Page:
An evaluation of the clinical assessments of under-five febrile children presenting to primary health facilities in rural ghana.


Baiden, F; Owusu-Agyei, S; Bawah, J; Bruce, J; Tivura, M; Delmini, R; Gyaase, S; Amenga-Etego, S; Chandramohan, D; Webster, J; (2011) An evaluation of the clinical assessments of under-five febrile children presenting to primary health facilities in rural ghana. PloS one, 6 (12). e28944. ISSN 1932-6203 DOI: https://doi.org/10.1371/journal.pone.0028944

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Abstract

BACKGROUND The shift to test-based management of malaria represents an important departure from established practice under the Integrated Management of Childhood Illnesses (IMCI). The possibility of false results of tests for malaria and co-morbidity, however, make it important that guidelines in IMCI case assessment are still followed. METHODS AND FINDINGS We conducted a cross-sectional observational study to evaluate current practices in IMCI-based assessment of febrile children in 10 health centres and 5 district hospitals, with follow up of a subset of children to determine day 7-10 post-treatment clinical outcome. Clinical consultation, examination and prescribing practices were recorded using a checklist by trained non-medical observers. The facility case management of 1,983 under-five years old febrile children was observed and 593 followed up at home on days 5-10. The mean number of tasks performed from the 11 tasks expected to be done by the IMCI guidelines was 6 (SD 1.6). More than 6 tasks were performed in only 35% of children and this varied substantially between health facilities (range 3-85%). All 11 tasks were performed in only 1% of children. The most commonly performed tasks were temperature measurement (91%) and weighing (88%). Respiratory rate was checked in only 4% of children presenting with cough or difficulty in breathing. The likelihood of performing "better than average number of tasks" (>6) was higher when the consultation was done by medical assistants than doctors (O.R.?=?3.16, 1.02-9.20). The number of tasks performed during assessment did not, however, influence clinical outcome (O.R.?=?1.02, 0.83-1.24). CONCLUSION Facility-tailored interventions are needed to improve adherence to IMCI guidelines incorporating test-based management of malaria. Studies are needed to re-evaluate the continued validity of tasks defined in IMCI case assessment guidelines.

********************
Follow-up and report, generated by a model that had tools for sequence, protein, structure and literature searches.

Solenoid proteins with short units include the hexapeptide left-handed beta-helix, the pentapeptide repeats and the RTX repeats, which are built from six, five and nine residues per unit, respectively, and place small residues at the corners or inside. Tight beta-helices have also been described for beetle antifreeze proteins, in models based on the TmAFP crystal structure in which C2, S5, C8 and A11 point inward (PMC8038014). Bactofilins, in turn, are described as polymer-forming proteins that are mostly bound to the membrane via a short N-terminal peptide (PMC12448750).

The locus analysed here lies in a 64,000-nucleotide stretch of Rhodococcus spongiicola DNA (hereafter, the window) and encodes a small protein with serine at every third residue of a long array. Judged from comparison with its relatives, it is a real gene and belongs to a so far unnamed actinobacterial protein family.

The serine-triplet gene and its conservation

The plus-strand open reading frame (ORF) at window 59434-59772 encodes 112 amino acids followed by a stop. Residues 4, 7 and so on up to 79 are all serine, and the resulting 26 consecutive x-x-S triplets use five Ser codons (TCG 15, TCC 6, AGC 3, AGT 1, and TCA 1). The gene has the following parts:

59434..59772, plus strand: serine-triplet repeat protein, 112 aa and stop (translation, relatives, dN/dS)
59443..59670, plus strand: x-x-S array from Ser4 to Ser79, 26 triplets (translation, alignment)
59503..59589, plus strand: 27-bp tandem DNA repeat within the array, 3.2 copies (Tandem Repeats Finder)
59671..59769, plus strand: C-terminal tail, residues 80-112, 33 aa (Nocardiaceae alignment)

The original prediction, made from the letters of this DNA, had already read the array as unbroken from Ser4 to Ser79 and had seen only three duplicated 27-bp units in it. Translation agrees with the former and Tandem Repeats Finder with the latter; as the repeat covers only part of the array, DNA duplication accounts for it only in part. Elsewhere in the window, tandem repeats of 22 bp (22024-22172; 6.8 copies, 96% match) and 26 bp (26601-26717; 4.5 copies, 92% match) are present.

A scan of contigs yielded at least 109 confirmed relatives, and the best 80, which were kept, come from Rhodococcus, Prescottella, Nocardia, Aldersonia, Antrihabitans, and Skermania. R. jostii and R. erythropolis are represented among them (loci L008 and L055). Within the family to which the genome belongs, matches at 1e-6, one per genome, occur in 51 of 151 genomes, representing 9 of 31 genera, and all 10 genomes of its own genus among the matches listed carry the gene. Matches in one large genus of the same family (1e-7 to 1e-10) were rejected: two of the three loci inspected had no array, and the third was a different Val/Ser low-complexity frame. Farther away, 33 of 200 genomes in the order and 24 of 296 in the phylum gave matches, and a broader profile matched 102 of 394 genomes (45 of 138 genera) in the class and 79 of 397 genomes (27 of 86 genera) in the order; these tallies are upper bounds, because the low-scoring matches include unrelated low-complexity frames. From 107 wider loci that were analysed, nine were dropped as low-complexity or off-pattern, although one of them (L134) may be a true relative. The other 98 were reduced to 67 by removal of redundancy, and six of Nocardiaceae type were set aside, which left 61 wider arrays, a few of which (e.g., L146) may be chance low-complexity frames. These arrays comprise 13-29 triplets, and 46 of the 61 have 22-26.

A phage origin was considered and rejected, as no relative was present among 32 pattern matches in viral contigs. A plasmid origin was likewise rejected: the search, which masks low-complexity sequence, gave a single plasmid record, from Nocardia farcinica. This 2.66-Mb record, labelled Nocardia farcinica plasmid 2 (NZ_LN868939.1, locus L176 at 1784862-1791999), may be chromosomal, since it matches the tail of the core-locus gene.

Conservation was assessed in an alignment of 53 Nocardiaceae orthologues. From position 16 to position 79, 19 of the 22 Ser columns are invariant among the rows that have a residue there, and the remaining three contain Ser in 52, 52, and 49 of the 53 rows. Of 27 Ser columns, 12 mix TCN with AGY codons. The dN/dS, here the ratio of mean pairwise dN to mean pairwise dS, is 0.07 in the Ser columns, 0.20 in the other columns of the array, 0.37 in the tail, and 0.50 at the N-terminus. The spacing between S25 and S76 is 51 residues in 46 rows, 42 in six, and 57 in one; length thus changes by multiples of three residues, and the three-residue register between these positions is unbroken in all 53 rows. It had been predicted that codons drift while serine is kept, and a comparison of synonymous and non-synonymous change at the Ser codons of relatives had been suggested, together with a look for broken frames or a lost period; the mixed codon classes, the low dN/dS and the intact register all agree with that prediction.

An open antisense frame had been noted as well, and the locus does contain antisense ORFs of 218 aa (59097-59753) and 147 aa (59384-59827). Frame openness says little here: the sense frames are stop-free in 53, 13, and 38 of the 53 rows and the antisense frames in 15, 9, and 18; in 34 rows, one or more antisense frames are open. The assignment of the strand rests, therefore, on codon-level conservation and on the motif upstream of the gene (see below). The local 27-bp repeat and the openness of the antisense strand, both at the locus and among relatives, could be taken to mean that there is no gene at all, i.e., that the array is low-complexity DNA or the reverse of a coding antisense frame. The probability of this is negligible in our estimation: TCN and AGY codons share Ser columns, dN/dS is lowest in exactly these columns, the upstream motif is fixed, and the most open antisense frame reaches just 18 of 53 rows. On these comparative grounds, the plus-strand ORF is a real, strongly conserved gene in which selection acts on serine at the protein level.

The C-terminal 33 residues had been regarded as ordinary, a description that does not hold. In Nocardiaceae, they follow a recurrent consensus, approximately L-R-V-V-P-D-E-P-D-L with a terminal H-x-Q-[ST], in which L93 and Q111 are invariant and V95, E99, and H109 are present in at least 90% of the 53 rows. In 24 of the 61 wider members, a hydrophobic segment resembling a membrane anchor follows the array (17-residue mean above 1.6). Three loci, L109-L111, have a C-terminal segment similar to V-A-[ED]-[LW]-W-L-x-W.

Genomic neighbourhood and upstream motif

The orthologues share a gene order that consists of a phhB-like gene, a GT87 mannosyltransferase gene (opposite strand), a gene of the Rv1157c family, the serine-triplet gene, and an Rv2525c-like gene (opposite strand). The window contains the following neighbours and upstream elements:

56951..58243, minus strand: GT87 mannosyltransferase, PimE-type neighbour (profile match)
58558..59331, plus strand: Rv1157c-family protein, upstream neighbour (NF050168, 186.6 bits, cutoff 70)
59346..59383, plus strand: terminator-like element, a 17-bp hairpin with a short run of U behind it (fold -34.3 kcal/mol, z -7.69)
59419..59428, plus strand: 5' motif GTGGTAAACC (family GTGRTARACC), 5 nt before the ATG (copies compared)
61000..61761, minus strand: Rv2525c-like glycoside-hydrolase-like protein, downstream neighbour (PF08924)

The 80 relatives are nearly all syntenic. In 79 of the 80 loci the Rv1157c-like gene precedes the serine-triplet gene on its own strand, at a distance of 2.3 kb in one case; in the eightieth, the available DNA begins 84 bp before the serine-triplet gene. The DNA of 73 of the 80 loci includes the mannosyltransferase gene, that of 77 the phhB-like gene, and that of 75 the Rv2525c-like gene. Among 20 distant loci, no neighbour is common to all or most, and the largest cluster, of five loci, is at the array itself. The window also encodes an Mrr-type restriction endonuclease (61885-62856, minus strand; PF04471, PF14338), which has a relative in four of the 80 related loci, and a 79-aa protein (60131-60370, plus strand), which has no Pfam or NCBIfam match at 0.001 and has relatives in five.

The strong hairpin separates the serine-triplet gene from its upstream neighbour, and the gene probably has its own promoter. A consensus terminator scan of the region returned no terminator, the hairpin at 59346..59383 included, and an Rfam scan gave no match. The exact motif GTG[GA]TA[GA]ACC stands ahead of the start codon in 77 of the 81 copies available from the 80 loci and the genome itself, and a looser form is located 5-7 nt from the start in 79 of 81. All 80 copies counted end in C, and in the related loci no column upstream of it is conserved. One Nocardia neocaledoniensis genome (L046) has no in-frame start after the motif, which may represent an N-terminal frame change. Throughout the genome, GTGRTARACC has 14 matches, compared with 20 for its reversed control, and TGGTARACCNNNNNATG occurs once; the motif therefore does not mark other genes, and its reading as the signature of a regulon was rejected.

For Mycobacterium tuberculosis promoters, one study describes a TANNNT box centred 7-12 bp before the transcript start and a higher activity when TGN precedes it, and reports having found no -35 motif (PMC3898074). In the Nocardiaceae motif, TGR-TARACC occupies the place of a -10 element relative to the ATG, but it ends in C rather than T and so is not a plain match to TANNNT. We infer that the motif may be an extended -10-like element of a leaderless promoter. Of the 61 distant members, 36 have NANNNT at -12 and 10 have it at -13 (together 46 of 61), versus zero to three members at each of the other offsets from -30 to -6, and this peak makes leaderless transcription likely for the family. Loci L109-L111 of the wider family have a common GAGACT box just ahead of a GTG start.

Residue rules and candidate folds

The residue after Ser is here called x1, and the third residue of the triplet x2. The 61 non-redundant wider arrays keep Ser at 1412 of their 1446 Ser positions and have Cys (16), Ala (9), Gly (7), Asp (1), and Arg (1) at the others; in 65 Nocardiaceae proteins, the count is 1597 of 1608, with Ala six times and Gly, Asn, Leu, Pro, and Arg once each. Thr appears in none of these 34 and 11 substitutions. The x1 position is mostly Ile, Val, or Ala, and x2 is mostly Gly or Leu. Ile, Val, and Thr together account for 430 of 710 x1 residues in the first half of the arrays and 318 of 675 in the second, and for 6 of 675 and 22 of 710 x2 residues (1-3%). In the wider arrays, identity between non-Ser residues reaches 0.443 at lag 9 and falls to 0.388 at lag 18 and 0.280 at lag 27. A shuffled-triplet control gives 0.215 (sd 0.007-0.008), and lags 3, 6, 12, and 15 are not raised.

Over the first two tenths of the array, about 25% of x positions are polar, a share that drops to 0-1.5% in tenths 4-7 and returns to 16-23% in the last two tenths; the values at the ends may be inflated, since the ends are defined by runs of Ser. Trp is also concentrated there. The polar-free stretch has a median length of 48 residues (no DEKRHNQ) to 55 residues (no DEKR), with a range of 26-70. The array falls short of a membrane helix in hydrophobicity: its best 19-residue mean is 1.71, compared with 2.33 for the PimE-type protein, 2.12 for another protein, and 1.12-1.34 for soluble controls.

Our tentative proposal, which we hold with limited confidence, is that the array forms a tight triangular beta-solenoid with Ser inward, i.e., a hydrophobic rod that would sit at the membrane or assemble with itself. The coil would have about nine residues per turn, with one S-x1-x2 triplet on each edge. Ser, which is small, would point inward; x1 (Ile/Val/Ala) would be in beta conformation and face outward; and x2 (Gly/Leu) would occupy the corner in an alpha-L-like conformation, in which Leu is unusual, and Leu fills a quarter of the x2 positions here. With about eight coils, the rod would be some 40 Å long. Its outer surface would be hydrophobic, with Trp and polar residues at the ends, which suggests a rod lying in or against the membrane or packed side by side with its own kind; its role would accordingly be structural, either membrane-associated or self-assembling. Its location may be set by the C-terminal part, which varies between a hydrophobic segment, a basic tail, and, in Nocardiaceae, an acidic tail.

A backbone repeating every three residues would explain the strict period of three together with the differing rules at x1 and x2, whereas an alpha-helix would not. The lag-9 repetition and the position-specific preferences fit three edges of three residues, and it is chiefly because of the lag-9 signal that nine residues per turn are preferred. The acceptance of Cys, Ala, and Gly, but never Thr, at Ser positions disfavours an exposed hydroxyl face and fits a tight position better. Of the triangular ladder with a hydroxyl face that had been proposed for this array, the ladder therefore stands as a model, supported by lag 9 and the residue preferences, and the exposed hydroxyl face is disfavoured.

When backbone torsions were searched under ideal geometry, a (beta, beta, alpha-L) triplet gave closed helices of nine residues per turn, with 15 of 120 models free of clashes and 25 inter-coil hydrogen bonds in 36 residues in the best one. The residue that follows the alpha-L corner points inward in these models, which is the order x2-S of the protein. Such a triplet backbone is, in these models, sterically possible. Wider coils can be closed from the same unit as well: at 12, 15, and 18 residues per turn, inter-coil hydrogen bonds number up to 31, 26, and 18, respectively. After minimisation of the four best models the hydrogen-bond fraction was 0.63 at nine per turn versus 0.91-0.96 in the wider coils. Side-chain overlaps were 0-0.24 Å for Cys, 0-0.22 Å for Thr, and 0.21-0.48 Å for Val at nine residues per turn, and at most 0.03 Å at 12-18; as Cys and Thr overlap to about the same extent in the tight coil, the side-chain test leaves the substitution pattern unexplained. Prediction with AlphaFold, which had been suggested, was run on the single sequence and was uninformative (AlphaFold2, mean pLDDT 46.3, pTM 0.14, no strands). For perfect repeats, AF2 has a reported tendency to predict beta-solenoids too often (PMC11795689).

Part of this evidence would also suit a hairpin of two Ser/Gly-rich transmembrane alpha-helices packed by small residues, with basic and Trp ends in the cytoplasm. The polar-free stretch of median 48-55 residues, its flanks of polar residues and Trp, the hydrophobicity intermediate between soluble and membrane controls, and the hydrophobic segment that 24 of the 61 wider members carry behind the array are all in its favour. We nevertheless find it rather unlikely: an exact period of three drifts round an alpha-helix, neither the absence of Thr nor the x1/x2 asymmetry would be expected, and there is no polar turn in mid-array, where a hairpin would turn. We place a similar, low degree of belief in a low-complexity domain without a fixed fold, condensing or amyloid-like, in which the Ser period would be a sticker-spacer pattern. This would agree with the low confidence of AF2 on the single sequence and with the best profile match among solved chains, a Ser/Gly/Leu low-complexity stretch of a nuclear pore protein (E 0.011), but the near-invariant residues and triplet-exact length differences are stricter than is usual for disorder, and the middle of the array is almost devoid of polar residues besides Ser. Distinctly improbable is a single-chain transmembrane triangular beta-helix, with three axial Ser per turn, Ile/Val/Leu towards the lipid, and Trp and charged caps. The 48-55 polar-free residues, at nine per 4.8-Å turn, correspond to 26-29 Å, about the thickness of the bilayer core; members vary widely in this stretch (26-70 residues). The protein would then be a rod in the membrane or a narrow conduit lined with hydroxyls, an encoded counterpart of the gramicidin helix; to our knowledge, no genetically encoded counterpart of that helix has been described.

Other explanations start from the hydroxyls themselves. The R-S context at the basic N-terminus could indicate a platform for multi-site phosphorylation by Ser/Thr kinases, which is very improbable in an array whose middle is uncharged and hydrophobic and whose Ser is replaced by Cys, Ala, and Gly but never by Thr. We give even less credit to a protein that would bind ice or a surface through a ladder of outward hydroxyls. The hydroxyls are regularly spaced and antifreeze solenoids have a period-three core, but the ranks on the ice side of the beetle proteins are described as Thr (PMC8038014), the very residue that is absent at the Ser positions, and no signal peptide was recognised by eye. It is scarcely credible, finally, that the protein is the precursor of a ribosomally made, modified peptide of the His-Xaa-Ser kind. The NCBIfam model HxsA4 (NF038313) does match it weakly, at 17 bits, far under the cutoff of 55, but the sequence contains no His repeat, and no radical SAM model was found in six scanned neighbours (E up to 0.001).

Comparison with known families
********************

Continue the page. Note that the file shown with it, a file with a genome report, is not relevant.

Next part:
Item Type: Article
Faculty and Department: Faculty of Infectious and Tropical Diseases > Dept of Disease Control
Faculty of Infectious and Tropical Diseases > Dept of Clinical Research
Research Centre: ACT Consortium
Centre for Evaluation
Malaria Centre
Centre for Maternal, Reproductive and Child Health (MARCH)
Related URLs:
PubMed ID: 22174932
Web of Science ID: 298367300034
URI: http://researchonline.lshtm.ac.uk/id/eprint/59288

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